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After Outcry, Bull Moose Re-hires Fired Salem Workers, With Apology & Pay Raises

The Bull Moose record store chain is apologizing, re-hiring workers and promising pay raises after controversy over the sudden closure of its Salem location last month.

The staff of the Salem store was fired in May after raising concerns about the end of the company’s mask requirement for customers. They also said they’d been routinely harassed and threatened by patrons with little help from their managers.

Now, Bull Moose is apologizing for how the situation was handled. In a statement posted on social media, founder Brett Wickard said the company failed to uphold its values and “must take responsibility for that.”

“We are sorry that we did not act anywhere near how we want to be as a company. We pride ourselves on building community and acting with empathy, yet we failed on both those counts,” he said. “Falling flat on our faces was humbling – but we’re determined to have our mistakes become a transformative event for Bull Moose.”

The statement says the company offered the Salem store staffers their jobs back, with back pay, and most accepted. It also says Bull Moose, which is based in Maine and has three New Hampshire stores, will increase pay rates to work toward a $15 minimum wage at all its locations by next June.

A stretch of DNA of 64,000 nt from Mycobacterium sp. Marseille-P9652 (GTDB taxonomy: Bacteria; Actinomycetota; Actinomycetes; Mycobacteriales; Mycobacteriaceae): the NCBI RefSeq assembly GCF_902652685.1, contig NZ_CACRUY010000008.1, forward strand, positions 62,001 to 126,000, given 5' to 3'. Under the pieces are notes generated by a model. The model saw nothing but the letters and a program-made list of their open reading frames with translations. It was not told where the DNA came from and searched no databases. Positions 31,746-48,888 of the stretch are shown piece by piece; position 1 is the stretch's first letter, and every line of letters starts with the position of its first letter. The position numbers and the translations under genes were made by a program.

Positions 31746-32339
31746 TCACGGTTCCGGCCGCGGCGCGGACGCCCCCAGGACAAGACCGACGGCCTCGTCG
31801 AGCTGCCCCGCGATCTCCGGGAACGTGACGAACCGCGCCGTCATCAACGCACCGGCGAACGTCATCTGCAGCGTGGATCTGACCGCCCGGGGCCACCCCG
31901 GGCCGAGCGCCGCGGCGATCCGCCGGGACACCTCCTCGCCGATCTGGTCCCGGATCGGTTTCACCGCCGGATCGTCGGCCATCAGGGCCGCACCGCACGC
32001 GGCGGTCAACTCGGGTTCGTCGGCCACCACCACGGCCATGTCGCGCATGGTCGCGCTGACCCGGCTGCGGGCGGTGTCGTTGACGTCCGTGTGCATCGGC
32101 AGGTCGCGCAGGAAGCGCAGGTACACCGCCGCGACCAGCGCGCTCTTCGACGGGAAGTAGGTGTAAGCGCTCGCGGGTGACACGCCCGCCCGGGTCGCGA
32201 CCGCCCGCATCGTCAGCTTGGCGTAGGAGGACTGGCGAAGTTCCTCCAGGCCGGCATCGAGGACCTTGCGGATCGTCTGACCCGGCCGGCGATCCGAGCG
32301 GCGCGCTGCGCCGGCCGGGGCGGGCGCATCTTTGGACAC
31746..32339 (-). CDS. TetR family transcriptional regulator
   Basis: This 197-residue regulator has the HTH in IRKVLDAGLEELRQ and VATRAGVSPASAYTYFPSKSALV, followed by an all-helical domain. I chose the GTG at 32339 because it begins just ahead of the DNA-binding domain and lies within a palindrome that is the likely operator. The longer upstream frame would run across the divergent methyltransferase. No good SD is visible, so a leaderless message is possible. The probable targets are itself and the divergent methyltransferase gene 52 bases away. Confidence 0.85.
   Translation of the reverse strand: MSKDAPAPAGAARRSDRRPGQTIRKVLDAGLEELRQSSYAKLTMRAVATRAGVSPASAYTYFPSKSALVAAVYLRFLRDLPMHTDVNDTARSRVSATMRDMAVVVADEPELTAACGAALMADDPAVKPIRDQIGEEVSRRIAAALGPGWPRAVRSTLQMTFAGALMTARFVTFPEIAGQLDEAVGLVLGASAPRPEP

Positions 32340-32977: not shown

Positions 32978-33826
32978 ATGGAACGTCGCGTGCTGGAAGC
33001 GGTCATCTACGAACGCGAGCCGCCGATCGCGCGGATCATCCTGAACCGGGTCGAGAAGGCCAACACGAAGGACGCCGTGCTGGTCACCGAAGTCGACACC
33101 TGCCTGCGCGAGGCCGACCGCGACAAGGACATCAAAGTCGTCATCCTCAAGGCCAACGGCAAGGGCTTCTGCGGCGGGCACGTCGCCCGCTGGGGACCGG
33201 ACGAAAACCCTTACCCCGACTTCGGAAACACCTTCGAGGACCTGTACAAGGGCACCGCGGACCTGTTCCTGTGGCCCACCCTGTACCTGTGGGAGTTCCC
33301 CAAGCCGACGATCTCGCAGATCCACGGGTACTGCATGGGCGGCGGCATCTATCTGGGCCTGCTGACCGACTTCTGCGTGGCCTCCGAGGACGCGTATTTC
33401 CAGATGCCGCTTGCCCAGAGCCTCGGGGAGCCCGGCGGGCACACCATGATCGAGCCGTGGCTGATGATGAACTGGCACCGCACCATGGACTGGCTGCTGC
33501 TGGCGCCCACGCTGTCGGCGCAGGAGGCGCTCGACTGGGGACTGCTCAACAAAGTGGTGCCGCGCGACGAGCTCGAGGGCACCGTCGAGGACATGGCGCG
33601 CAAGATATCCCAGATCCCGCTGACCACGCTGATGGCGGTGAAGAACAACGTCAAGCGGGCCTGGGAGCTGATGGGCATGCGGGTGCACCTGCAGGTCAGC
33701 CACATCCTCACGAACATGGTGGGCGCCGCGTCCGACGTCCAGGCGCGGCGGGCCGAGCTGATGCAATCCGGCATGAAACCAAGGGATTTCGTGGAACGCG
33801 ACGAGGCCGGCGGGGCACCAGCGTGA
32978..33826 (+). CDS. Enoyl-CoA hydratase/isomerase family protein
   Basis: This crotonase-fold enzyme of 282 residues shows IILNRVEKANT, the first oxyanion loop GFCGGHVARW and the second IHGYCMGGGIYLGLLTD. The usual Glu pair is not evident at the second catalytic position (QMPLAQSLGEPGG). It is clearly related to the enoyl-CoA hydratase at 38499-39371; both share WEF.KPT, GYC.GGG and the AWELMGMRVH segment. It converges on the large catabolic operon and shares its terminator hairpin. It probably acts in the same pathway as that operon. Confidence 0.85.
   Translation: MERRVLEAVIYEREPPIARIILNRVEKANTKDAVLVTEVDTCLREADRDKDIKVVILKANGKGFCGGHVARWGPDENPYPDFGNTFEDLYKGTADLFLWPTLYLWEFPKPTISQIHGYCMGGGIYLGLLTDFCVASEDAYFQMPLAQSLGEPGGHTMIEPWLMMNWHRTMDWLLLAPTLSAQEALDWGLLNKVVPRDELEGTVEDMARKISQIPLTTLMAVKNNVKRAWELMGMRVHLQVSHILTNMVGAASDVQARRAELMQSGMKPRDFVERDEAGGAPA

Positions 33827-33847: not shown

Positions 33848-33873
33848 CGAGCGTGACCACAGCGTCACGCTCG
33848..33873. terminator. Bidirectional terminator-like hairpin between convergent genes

Workers expressed mixed feelings about returning to the Salem store.

“It's huge that other stores are getting the pay raise and that we have control over the mask policy,” said one worker, Andrew Bove. But he said the year timeline for those pay raises is slower than they’d wanted, and the back pay process has been “really messy.”

Coworker Kameron Moore said he and most other workers decided to return to Salem “in hopes of doing more work from the inside than we can do from the outside.”

“We want to make sure that [Bull Moose] holds to the promises they have made, and push them to do it quicker and more efficiently so that they don’t lose more faith from employees and customers,” Moore said.

Bull Moose also sells books, movies, games and art at its stores. An early employee helped create the now-international Record Store Day, which has happened annually since 2008.  

Annie has covered the environment, energy, climate change and the Seacoast region for NHPR since 2017. She leads the newsroom's climate reporting project, By Degrees.
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